By Kristen Chase
October 29th, 2012
Editor’s note: The following post is part of a series in which a diverse range of women writers discuss their definition, idea, or experience of feminism. For more background, take a look at our Fall 2012 issue, which features “Bad Feminist” by Roxane Gay. You can find other pieces in this series by clicking here.
Growing up, I thought “feminism” was a bad word. Of course, I also thought that oral sex meant talking about intercourse.
But then I got to college and was rudely awakened to both of these misnomers, though I’m pretty sure the revelation I experienced about feminism was much more shocking. Where were the feminists with their angry fists and burning bras?
It turns out that the thoughtful, reasonable feminists weren’t sensational enough to garner attention.
Over the years, I learned that feminists wear the moniker differently—some publicly, others privately, but each brave and valuable. Some are comfortable with a bullhorn firmly grasped in their hands. But others, like me, are just as effective with a whisper.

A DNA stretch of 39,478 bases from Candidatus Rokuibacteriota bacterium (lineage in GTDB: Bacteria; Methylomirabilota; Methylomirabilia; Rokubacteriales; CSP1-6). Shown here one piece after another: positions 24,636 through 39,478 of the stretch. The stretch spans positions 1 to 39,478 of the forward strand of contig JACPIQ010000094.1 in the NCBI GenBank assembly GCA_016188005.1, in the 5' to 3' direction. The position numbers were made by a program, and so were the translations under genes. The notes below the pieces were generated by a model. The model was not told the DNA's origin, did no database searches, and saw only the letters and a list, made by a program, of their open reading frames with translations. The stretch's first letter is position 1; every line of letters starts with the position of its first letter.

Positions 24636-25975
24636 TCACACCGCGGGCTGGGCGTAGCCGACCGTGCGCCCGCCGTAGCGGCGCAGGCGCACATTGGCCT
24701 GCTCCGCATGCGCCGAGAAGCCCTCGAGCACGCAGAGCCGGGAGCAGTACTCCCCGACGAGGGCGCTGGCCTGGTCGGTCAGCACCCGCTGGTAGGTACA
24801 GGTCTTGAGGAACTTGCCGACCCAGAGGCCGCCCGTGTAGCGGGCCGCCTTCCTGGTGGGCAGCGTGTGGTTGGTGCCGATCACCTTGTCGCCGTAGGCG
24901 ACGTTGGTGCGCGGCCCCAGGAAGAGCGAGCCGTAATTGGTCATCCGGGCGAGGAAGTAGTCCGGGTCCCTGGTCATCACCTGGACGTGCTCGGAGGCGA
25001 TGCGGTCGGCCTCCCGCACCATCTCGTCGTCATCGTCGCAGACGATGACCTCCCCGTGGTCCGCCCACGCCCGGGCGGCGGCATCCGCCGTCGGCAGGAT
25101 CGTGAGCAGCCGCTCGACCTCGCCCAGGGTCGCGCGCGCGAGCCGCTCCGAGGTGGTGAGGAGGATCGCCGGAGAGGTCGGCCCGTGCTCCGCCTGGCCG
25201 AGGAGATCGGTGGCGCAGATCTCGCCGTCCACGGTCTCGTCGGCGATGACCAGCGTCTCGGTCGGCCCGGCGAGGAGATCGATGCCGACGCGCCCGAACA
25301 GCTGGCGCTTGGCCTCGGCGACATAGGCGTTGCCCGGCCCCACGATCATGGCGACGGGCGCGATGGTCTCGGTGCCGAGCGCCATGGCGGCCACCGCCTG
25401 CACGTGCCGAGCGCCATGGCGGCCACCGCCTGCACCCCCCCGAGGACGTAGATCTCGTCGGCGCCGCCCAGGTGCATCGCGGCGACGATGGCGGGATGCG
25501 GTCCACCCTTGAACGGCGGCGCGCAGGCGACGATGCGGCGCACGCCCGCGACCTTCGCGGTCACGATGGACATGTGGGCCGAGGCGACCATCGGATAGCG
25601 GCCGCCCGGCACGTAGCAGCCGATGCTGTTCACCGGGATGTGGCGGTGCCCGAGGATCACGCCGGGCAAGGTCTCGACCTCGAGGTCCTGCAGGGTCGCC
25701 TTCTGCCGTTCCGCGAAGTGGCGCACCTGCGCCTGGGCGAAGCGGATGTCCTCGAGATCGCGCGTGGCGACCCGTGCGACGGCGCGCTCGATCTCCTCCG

I remind my kids that pink isn’t a girl color, even though every toy store aisle would tell them otherwise. I tell my son that he can wear nail polish if he really wants, or skirts or dresses for that matter, even though most people disagree.
In my case, my bras are best used to hold up the breasts that feed the new generation of feminists. My angry fists are open, used to point out the disparities that exist between women and men. Each time I quietly question and challenge the misogynist status quo, and others do the same thing,
The angry and whispering voices come together to form a collective roar, one that I hope will be amplified by our children and their children.
Kristen Chase is a writer and author who is best known for her blog Motherhood Uncensored. She’s been featured on television and print, including The Today Show, CNN, and Parents Magazine, and currently resides in Atlanta, Georgia, with her husband and four kids.
Fall 2012: Female Conscience